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Little White Coats

Welcome to Little White Coats!
Little White Coats is the brainchild of Richard M. Pescatore II, DO, a first-year emergency medicine resident at Cooper University Hospital in Camden, NJ. He is a 2014 graduate of the Philadelphia College of Osteopathic Medicine. Follow him here as he starts his residency in emergency medicine.

Dr. Pescatore also serves as an EMS medical director in Pennsylvania. He was graduated from the U.S. Naval Academy with a degree in aerospace engineering, and had planned to pursue a career as a nuclear submarine officer until an EMS run five years ago took him to a familiar but unexpected place. That call made him realize that EMS was more than a hobby and that his future was in medicine.

Read more about how Dr. Pescatore ended up as a "little white coat" in his first blog post, "Changing Course," and don't forget to sign up for the RSS feed for this blog to read his new entries.

Thursday, March 05, 2015

When I graduate from residency and pass the ABEM qualifying exam, I’ll be ready to start my own career as a board certified emergency physician. After four years of medical school and three more of residency, the powers that be will have deemed me ready to care for the ill and injured across the country — but not in my home state. I’ll be permitted to infuse inotropes and lead resuscitations in New Jersey, but it will be unlawful for me to prescribe laxatives in Pennsylvania. I can strive to save lives in Alabama, but I am barred from doing the same in Florida. The problem, you see, is that I’m a DO.


I should start off by saying how proud I am to have graduated from an osteopathic medical school. An institution that had no compelling reason to accept me readily brought me into their academic fold, and I thrived on every moment of their tutelage. The mornings of manipulative medicine instruction shaped my role as a physician just as the long nights of anatomy lab did. Osteopathic principles infused into every patient-centered lesson helped mold me in the vision of Andrew T. Still, MD, DO, and I truly believe that my daily patient interactions are influenced by my osteopathic education. Nonetheless, I opted to enter an ACGME-accredited program for my residency training. Many reasons led me to forgo the AOA match and enter an MD program — the same arguments that are played out daily on Internet message boards and in the minds of the thousands of emergency medicine applicants each year — but the only reason that matters, of course, is that it was the right program for me, the place where I could best learn the art and science of emergency medicine.


To maintain some measure of osteopathic distinctiveness, the osteopathic licensing boards of four states (Pennsylvania, Michigan, Oklahoma, and Florida) typically require completion of an AOA-approved internship prior to granting a permanent medical license. The remaining 46 states make no distinction between the medical degrees, but these four stand fast in their requirement. The AOA instituted Resolution 42, or the “hardship resolution,” in 2000, which grants credit for internship to ACGME trainees, allowing them to apply for licensure in the four states. Resolution 42 provides a mechanism for DO graduates to remain part of the osteopathic family, but it places perhaps onerous requirements on emergency medicine trainees, sometimes requiring replacement of elective time — designed to help residents pursue a niche interest or sharpen a relevant skill — with a rotation of questionable benefit to the emergency medicine curriculum.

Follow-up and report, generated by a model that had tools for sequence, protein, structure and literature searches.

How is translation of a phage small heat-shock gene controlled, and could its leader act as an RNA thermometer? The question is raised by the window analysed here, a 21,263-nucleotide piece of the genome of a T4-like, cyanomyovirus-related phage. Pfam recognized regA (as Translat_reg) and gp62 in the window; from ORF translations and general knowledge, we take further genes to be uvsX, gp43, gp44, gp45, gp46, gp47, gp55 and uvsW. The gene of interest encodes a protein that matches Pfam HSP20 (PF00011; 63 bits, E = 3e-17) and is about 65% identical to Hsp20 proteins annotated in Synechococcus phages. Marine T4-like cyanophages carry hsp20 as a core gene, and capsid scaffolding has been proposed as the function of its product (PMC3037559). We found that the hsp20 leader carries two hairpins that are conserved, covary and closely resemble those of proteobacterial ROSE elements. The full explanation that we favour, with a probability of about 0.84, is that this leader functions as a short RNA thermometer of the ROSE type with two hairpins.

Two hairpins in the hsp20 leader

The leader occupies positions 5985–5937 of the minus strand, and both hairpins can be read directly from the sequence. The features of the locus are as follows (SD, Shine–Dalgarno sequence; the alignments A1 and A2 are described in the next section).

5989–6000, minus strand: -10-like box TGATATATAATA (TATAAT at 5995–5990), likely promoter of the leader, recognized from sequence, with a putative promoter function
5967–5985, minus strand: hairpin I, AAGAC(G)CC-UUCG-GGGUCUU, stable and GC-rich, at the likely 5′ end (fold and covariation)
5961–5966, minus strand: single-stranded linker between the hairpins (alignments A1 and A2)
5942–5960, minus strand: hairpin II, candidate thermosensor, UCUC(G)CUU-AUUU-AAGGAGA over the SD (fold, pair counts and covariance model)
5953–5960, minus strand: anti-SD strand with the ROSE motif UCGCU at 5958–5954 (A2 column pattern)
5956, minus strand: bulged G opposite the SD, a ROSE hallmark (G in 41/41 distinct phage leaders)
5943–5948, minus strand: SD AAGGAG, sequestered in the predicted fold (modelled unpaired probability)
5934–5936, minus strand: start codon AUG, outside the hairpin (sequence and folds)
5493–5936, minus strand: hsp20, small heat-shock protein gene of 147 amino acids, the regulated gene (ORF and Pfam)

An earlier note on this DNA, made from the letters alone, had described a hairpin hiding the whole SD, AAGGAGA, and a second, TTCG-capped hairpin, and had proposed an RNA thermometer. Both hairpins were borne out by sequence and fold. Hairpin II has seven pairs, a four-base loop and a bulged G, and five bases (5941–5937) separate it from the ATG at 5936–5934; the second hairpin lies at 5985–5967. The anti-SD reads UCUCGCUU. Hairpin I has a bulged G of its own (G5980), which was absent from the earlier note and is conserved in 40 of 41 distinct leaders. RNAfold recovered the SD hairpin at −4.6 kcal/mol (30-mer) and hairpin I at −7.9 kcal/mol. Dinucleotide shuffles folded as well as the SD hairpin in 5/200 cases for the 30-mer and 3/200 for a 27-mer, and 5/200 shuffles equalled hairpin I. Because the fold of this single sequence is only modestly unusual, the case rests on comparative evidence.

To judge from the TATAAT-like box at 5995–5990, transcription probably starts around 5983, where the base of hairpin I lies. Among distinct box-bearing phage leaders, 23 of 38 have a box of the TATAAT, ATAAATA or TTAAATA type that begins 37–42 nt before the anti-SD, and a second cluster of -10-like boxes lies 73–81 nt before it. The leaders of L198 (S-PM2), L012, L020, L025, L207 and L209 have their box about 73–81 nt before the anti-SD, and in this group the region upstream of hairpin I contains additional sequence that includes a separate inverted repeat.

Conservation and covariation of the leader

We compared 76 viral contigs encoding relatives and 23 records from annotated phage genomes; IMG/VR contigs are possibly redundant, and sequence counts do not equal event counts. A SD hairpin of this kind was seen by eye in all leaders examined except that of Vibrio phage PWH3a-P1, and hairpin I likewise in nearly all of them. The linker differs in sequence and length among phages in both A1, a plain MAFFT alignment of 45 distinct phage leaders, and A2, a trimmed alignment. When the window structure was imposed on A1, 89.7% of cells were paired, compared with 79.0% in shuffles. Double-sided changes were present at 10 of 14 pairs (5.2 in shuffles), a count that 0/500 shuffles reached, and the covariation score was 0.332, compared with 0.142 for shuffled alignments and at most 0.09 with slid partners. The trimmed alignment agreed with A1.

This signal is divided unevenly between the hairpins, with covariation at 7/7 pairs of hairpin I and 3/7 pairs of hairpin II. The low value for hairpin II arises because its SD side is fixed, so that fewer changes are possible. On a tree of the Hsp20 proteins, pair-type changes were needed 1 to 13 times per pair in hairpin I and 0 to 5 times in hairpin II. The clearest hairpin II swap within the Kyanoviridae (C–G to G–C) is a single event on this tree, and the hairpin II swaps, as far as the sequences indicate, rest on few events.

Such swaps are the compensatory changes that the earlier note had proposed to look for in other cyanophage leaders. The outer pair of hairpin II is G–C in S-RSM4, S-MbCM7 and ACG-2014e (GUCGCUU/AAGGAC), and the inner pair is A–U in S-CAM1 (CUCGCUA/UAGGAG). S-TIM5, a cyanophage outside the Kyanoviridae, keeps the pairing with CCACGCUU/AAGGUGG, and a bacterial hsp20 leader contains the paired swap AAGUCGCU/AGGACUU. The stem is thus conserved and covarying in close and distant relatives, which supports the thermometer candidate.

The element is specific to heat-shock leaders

My co-residents, the residency faculty, and the hospital staff treat me no differently as a DO in an MD program. Most patients are unaware of the difference or at worst simply ask what the letters behind my name mean. By and large, the only entities that force a distinction are the four state boards that would deem me unfit to treat their citizens. Graduate medical education is undergoing a long-awaited evolution toward a combined certifying organization, so it is peculiar indeed that such restrictions and requirements still exist in these states.


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Tuesday, January 06, 2015

It’s gray outside. Every day, thick clouds block the winter sun. The trees have lost all of their leaves, and the suburban lawns blend into the cracked sidewalks and streets. In college we called this time “The Dark Ages,” the seemingly endless and dreary stretch between the color and joy of the December holidays and the sunny promise of spring.


The Dark Ages seem to have come early this year for some reason. I began my ICU rotation in early December, after a November ED month marked by mistakes and frustration. I was excited. With #FOAMed heroes so heavily represented by the critical care crowd, I was ready for a revelatory experience, prepared for the first steps toward fellowship and broader horizons from the ICU. But I was never able to throw off the heavy yoke of my emergency department disappointment.


My mind would wander on rounds, always returning to the difficult cases I’d faced just a few days earlier. I questioned myself, relived the moments I could have — should have — done better. I presented my patients each morning, and was struck by how frequently their courses had been set long before they landed in their glass-walled suites. So many of their paths were determined not by vents and vasopressors in the ICU, but by the hands and hearts of the ED or by the astute ears of the responding paramedic or the experienced eye of a downstairs provider. I was simultaneously proud of my role while ashamed at my performance.